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If you are a doctoral or non-doctoral student about to begin your internship in school psychology, you may have several questions about the process and what it will involve, and you may even be facing some anxiety about it. If you are a site or university supervisor preparing for the beginning of the internship year, you may be looking for ways to improve the internship experience for your students or for yourself and your fellow supervisors. Newman has used his many years of experience working with interns and field supervisors to create this guide to the school psychology internship process to address these common concerns. He provides a comprehensive overview of the school psychology internship process from start to finish, describing actions that can be taken to promote a high quality, dynamic internship experience. Emphasis is placed on the idea that the internship year is a dynamic and formative experience, not a static event, and that interns and supervisors both must be active planners, coordinators, and shapers of the experience. Each part of the book explores a different phase of the internship, from the first days through job applications and interviews. Helpful and pragmatic tools are included throughout, such as evaluation tools, best practice guidelines, and sample forms. Online resources are also available to complement the book and include reproducible material from the book, videos students can use to practice their interviewing skills, and links to helpful resources.
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WINNER OF THE 2015 GOLD INKY AWARD 'If you loved The Devil Wears Prada, you'll dive right into The Intern.' -- Lauren Sams, author of Crazy, Busy, Guilty and She's Having Her Baby Josie Browning dreams of having it all. A perfect academic record, an amazing journalism career - and for her crush to realise she exists. The only problem? Josie can't stop embarrassing her little sister or her best friend, let alone herself. Josie's luck changes when she lands an internship at Sash magazine. A coveted columnist job is up for grabs, but Josie quickly learns making her mark will be far from easy, especially under the reign of editor Rae Swanson. From the lows of photocopying and coffee-fetching, to the highs of celebrities, beauty products and by-lines, this is one internship Josie will never forget. Totally fresh and funny, this debut novel from media insider Gabrielle Tozer reveals what's really behind the seeming glamour of the magazine industry. PRAISE FOR THE INTERN: 'The gloss, the glamour ... the treachery! Tozer nails the bittersweet world of women's magazines in this sassy coming-of-age story.' -- Jessica Parry, Cosmopolitan magazine 'If you loved The Devil Wears Prada, I have a sneaking suspicion you'll dive right into The Intern ... I loved this fun, cheeky read, as well as the genuine heart at its core.' -- Lauren Sams, author of Crazy, Busy, Guilty and She's Having Her Baby 'The Intern is a page turner that left me wanting more of Tozer's work.' -- JJ McConnachie, NZ Booklovers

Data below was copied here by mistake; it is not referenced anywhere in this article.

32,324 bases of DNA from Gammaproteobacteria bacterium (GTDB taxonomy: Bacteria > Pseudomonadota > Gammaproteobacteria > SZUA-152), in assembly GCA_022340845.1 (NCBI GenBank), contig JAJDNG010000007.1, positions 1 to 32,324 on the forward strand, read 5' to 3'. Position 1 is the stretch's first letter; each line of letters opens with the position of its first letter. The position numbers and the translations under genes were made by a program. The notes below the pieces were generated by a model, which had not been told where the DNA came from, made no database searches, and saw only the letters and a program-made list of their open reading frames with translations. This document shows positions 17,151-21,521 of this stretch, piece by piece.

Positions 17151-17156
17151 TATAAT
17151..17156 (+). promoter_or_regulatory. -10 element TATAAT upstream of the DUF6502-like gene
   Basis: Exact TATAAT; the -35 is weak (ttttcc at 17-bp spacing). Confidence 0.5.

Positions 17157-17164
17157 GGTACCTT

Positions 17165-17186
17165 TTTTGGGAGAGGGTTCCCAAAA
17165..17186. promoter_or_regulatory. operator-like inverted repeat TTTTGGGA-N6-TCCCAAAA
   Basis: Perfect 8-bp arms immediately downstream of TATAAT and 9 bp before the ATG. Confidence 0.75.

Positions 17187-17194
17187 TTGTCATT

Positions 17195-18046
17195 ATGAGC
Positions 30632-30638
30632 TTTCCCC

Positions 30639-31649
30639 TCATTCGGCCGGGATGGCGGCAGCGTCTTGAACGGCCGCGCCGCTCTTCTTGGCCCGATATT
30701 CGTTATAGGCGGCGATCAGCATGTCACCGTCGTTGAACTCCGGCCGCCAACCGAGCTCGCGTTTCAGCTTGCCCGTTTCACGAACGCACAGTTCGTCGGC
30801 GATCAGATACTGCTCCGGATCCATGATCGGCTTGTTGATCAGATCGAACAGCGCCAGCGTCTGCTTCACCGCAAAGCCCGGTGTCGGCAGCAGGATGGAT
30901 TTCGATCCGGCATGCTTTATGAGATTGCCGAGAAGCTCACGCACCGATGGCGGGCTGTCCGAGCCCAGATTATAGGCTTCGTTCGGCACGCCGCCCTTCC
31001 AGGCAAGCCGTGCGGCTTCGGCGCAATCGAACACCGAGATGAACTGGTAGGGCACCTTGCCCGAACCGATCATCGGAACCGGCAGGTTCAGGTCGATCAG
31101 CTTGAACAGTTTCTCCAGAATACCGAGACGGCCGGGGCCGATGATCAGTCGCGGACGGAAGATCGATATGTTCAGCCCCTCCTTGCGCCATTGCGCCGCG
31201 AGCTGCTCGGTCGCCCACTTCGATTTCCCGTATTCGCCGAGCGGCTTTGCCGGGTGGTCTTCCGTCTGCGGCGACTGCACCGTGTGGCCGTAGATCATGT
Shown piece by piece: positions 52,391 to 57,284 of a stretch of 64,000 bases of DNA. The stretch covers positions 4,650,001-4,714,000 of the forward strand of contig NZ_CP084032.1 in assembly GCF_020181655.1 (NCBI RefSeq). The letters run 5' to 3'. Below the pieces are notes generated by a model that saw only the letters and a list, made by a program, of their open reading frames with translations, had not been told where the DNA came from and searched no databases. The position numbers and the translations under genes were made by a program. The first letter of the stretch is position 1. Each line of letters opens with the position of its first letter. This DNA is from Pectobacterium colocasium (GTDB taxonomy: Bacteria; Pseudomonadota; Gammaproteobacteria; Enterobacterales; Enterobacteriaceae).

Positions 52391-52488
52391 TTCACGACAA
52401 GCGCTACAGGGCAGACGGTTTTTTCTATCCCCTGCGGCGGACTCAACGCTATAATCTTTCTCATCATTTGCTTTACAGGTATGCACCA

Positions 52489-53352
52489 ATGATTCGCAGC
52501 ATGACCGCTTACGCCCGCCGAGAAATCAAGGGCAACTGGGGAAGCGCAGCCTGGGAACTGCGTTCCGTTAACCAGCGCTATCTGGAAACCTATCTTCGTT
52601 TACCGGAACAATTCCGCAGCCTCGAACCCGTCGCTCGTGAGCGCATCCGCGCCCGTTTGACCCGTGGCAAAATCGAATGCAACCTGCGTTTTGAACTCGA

Intern is Sandeep Jauhar's story of his days and nights in residency at a busy hospital in New York City, a trial that led him to question our every assumption about medical care today. Residency—and especially the first year, called internship—is legendary for its brutality. Working eighty hours or more per week, most new doctors spend their first year asking themselves why they wanted to be doctors in the first place. Jauhar's internship was even more harrowing than most: he switched from physics to medicine in order to follow a more humane calling—only to find that medicine put patients' concerns last. He struggled to find a place among squadrons of cocky residents and doctors. He challenged the practices of the internship in The New York Times, attracting the suspicions of the medical bureaucracy. Then, suddenly stricken, he became a patient himself—and came to see that today's high-tech, high-pressure medicine can be a humane science after all. Now a thriving cardiologist, Jauhar has all the qualities you'd want in your own doctor: expertise, insight, a feel for the human factor, a sense of humor, and a keen awareness of the worries that we all have in common. His beautifully written memoir explains the inner workings of modern medicine with rare candor and insight.

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